BESSEMER, Ala. (Reuters) — Efforts to unionize Amazon.com warehouse workers in Alabama were defeated on Friday by a more than 2-to-1 margin in a major win for the online retailer, but the union trying to organize workers said it will challenge the results, citing election interference.
According to the tally from agents at the National Labor Relations Board, 1,798 voted against forming a union, with 738 ballots in favor. A simple majority was needed for victory.
Both sides have the right to challenge the eligibility of individual ballots and the entire voting campaign process, but a ballot count official on a Zoom call of the proceeding announced that there were not enough challenged votes to affect the results.
Amazon responded to the vote in a statement Friday.
It’s easy to predict the union will say that Amazon won this election because we intimidated employees, but that’s not true. Our employees heard far more anti-Amazon messages from the union, policymakers, and media outlets than they heard from us. And Amazon didn’t win—our employees made the choice to vote against joining a union. Our employees are the heart and soul of Amazon, and we’ve always worked hard to listen to them, take their feedback, make continuous improvements, and invest heavily to offer great pay and benefits in a safe and inclusive workplace. We’re not perfect, but we’re proud of our team and what we offer, and will keep working to get better every day.
Amazon shares rose 1.7% Friday, adding to earlier gains.
Union leaders had hoped the election outside Birmingham would spark a new era of worker activism. Instead, it illustrated the continued challenges facing the labor movement, joining high-profile failures to start unions at auto and plane factories in the U.S. South.
The U.S. South is a region that has been particularly anti-union. Nearly all the states in the area, including Alabama, passed so-called right-to-work laws that curtail unions’ abilities to mandate dues and other measures.
The Retail, Wholesale and Department Store Union (RWDSU), which is trying to organize the Amazon employees, said it is filing objections, charging that Amazon interfered with the right of its Bessemer, Alabama, employees to vote.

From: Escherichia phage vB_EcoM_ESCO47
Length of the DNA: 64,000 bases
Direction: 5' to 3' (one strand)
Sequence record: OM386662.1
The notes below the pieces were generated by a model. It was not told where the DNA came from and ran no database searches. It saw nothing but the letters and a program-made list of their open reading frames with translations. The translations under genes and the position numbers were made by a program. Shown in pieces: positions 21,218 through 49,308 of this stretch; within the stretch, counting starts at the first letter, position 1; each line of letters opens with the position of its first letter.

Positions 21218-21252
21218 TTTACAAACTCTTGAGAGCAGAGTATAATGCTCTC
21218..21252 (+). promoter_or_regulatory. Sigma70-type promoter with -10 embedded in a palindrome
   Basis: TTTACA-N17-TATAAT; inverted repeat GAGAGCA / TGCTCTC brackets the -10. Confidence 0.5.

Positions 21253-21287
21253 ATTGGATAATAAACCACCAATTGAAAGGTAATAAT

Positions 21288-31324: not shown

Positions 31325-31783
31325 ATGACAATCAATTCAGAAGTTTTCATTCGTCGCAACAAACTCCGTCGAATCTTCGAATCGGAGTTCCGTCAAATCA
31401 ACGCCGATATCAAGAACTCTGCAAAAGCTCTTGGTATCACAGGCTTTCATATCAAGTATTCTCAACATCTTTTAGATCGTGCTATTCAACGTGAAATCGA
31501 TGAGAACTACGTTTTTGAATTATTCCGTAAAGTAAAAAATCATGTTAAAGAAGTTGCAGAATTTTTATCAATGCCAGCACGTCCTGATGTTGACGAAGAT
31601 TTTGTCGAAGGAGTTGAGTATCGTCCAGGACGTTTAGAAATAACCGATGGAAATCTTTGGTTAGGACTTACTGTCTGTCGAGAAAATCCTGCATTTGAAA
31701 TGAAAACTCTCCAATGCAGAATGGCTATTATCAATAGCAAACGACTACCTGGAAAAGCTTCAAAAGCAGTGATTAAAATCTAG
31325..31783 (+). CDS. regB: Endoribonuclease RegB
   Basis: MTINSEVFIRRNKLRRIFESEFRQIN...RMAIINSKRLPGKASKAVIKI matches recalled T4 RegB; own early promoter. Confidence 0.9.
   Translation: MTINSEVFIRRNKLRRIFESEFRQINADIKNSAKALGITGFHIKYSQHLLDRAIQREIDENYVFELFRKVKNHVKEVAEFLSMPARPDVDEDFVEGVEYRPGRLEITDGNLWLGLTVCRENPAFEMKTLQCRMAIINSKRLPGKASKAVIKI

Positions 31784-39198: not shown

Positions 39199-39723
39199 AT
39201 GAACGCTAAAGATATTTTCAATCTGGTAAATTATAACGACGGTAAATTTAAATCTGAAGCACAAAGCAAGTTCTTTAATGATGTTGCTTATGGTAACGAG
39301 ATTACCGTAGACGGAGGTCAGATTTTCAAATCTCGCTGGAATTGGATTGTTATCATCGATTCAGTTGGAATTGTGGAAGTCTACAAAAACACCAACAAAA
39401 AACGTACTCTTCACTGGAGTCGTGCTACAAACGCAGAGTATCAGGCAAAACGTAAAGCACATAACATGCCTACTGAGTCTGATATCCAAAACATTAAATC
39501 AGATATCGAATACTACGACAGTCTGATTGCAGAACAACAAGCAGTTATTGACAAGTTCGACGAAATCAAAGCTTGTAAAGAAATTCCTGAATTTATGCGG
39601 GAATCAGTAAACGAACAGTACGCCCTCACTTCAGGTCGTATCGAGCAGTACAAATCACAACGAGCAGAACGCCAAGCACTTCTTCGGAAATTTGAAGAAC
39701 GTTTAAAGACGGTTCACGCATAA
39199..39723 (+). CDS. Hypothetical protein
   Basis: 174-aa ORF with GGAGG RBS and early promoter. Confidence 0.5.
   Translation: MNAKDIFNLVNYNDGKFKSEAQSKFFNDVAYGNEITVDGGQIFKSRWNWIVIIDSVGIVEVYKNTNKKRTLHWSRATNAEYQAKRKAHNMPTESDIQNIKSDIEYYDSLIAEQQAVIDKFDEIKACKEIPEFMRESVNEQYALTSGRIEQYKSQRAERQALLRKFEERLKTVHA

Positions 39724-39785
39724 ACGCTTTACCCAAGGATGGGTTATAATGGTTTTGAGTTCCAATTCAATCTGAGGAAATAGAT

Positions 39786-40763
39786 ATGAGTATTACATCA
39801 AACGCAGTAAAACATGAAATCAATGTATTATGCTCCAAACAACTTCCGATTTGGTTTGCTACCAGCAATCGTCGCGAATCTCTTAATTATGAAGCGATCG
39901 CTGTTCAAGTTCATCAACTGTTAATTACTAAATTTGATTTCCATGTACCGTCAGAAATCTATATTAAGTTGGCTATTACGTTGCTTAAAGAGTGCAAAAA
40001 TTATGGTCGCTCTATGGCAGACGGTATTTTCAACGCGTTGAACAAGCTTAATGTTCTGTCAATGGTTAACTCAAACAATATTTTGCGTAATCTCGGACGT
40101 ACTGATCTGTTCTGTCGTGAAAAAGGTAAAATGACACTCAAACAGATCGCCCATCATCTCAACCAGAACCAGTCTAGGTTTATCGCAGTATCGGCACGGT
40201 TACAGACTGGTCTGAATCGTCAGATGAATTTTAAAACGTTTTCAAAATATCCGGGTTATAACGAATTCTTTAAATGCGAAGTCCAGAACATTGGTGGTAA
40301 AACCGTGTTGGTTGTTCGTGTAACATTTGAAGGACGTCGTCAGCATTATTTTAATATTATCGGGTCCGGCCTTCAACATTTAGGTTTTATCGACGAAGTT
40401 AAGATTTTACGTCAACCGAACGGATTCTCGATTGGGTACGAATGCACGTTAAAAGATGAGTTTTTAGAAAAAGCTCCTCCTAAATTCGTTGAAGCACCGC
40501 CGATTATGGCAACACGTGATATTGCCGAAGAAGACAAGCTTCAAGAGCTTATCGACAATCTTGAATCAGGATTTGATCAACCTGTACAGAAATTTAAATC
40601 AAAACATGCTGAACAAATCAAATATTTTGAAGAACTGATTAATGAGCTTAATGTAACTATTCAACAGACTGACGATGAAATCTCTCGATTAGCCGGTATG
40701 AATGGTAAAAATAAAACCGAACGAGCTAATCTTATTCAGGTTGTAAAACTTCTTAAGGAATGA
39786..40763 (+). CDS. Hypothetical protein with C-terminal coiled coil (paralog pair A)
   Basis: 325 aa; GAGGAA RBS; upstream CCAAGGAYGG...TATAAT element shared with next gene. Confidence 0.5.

It has the same legal options as Amazon: challenge the eligibility of individual voters or allege that coercive conduct tainted the election.
In the latter case, the dispute would play out before the National Labor Relations Board (NLRB) and then likely in a federal appeals court.
Unionizing Amazon, the second-largest private employer in America, would be a start to reverse long-running declines in union membership, which fell to 11% of the eligible workforce in 2020 from 20% in 1983, according to the U.S. Bureau of Labor Statistics.
The vote count followed more than a week of challenges to ballots during closed-door proceedings that could influence the final result. Lawyers for Amazon and the union were allowed to question ballots on suspicion of tampering, a voter’s eligibility and other issues.
The NLRB, which is overseeing the election, would adjudicate challenges in coming days.
Amazon for years has discouraged attempts among its more than 800,000 U.S. employees to organize, showing managers how to identify union activity, raising wages and warning that union dues would cut into pay, according to a prior training video, public statements and the company’s union election website.
Amazon has said it is following all NLRB rules and wants employees to understand each side of the contest, and that the RWDSU does not represent a majority of its employees’ views. The company has said it wants as many of its employees to vote as possible.
The union objection will focus in part on what it described as Amazon pressuring the U.S. Postal Service to install a mail box and then pressuring employees to bring their ballots to work and use the mailbox.
Out of 5,867 workers eligible to cast ballots, 3,041 voted. NLRB officials said 505 ballots were contested and 76 were voided.
© 2021 Thomson Reuters.